Today the world will observe World Refugee Day, a day when “we commemorate the strength, courage and perseverance of millions of refugees” (UN).
You are here
Blood for sale: India’s illegal ‘red market’
In a crowded alleyway sandwiched between the wards of a large government hospital in New Delhi, we’re searching for a blood tout.
One of the hospital’s security guards has instructed us to look for a man with one leg.
We find the tout, Rajesh, sitting on a tattered blanket next to a tea stall drinking milky tea from a flimsy plastic cup as monkeys traverse electrical lines overhead.
Posing as the relatives of an accident victim, we tell him we need three units of blood.
“Three thousand rupees (US$48) per donor,” Rajesh says. “I’ll arrange everything.”
Selling blood and paying donors in India is illegal, but across the country, a vast “red market” proliferates.
Blood is in chronic short supply in India, according to the World Health Organization (WHO), which stipulates that every country needs at least a one per cent reserve.
India, with its population of 1.2 billion people, needs 12 million units of blood annually but collects only nine million-a 25 per cent deficit.
In summer, the shortfall often hits 50 per cent, leading to a spurt in professional donors cashing in on the needs of desperate patients.
Rajesh used to be a housepainter, but after losing his leg in an accident and spending months recovering at this hospital, he realised he could earn commissions by supplying donors to those in need of blood transfusions in exchange for cash.
India’s lack of a central blood collection agency, along with taboos against exchanging blood with people of different castes, largely accounts for the shortage, experts say.
It fuels a vast illegal market, despite a 1996 Supreme Court ruling that banned paid donors and unlicensed blood banks.
Little has changed since then. Demand still outstrips supply. Private blood banks are legal as long as they obtain a government licence for US$120.
The illicit market in blood has simply moved underground, or in some cases, into the realms of the macabre.
Caged for their blood
In 2008, Hari Kamat, an impoverished artisan from the state of Bihar, was rescued along with 16 other people from a “blood farm” in the town of Gorakhpur, close to India’s border with Nepal.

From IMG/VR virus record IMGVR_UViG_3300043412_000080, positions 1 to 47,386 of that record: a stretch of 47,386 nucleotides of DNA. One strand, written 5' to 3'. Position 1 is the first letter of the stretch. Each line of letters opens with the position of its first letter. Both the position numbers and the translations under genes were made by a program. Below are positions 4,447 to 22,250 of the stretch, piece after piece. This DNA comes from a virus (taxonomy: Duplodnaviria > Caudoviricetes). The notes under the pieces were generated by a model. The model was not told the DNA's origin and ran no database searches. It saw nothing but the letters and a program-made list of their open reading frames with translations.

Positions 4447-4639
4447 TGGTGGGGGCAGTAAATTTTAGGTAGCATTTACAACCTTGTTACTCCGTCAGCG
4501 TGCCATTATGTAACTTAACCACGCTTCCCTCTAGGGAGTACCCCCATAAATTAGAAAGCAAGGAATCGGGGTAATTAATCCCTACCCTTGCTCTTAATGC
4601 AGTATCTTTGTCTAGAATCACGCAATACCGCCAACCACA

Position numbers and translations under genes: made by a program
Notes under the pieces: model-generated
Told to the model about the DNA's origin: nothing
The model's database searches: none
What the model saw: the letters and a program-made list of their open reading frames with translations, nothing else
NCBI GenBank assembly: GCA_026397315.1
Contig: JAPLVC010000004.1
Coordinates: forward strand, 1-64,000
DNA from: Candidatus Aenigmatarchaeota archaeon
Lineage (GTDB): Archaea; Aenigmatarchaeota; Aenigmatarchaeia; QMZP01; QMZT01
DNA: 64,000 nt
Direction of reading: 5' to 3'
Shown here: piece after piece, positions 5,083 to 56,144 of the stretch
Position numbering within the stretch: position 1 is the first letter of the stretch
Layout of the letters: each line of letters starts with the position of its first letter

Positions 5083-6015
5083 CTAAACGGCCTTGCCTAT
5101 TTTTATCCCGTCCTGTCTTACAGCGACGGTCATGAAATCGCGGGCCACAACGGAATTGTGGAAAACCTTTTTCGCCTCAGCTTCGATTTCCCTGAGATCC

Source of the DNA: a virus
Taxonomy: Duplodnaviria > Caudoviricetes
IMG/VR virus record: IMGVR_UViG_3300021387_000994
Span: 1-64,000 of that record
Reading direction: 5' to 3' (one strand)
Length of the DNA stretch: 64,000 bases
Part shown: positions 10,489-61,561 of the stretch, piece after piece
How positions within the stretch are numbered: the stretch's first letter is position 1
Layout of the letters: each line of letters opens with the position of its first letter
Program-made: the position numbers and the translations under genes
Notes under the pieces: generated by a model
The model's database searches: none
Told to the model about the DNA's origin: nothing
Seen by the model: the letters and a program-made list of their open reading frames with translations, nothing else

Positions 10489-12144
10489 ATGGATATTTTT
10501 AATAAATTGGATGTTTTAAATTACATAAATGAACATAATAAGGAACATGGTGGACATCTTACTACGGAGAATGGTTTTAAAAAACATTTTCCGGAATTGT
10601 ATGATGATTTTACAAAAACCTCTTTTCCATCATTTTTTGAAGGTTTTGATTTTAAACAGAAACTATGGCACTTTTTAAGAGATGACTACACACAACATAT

The victims, all poor migrants, were lured to a house on the pretext of being given jobs and were then convinced to sell their blood for the princely sum of US$7 per unit.
“Initially, they did it willingly,” says Neha Dixit, who covered the story for Tehelka magazine.
“But when I met Hari Kamat in the hospital recuperating, he said that after a while, they became too weak to resist and when they had the energy to try and escape, they were beaten and locked up.”
Hari and the others were forced to give blood three times per week for a period of two and a half years. The Red Cross says donors should give blood only once every eight to 12 weeks.
They were never paid the amount they were promised, and received only a token sum.
“It was actually like a dairy,” says Dixit. “These people were caged, not given enough food and their blood was extracted 16 times a month.”
Dixit says the blood was then sold to local hospitals and blood banks for $18 a unit-15 times the government rate. Some private blood banks were accused of being complicit, putting official stamps and barcodes on these bags of blood.
There are no official statistics on how large India’s illegal blood market is or how many such farms have been uncovered.
But if we were to take as a rough calculation the three million units needed in India, multiplied by its street value of US$15, that suggests that it could be worth as much as US$45 million.
Experts say that even many legal, licensed blood banks, who don’t necessarily pay for blood themselves, still tolerate professional donors.
“You can see by the number of pricks on the arm that they’re a professional donor, but the blood banks don’t bother, they look the other way,” says Sudarshan Agarwal, president of the non-profit Rotary Blood Bank in New Delhi. (BBC)
User comments posted on this website are the sole views and opinions of the comment writer and are not representative of Guardian Media Limited or its staff.
Guardian Media Limited accepts no liability and will not be held accountable for user comments.
Guardian Media Limited reserves the right to remove, to edit or to censor any comments.
Any content which is considered unsuitable, unlawful or offensive, includes personal details, advertises or promotes products, services or websites or repeats previous comments will be removed.
User profiles registered through fake social media accounts may be deleted without notice.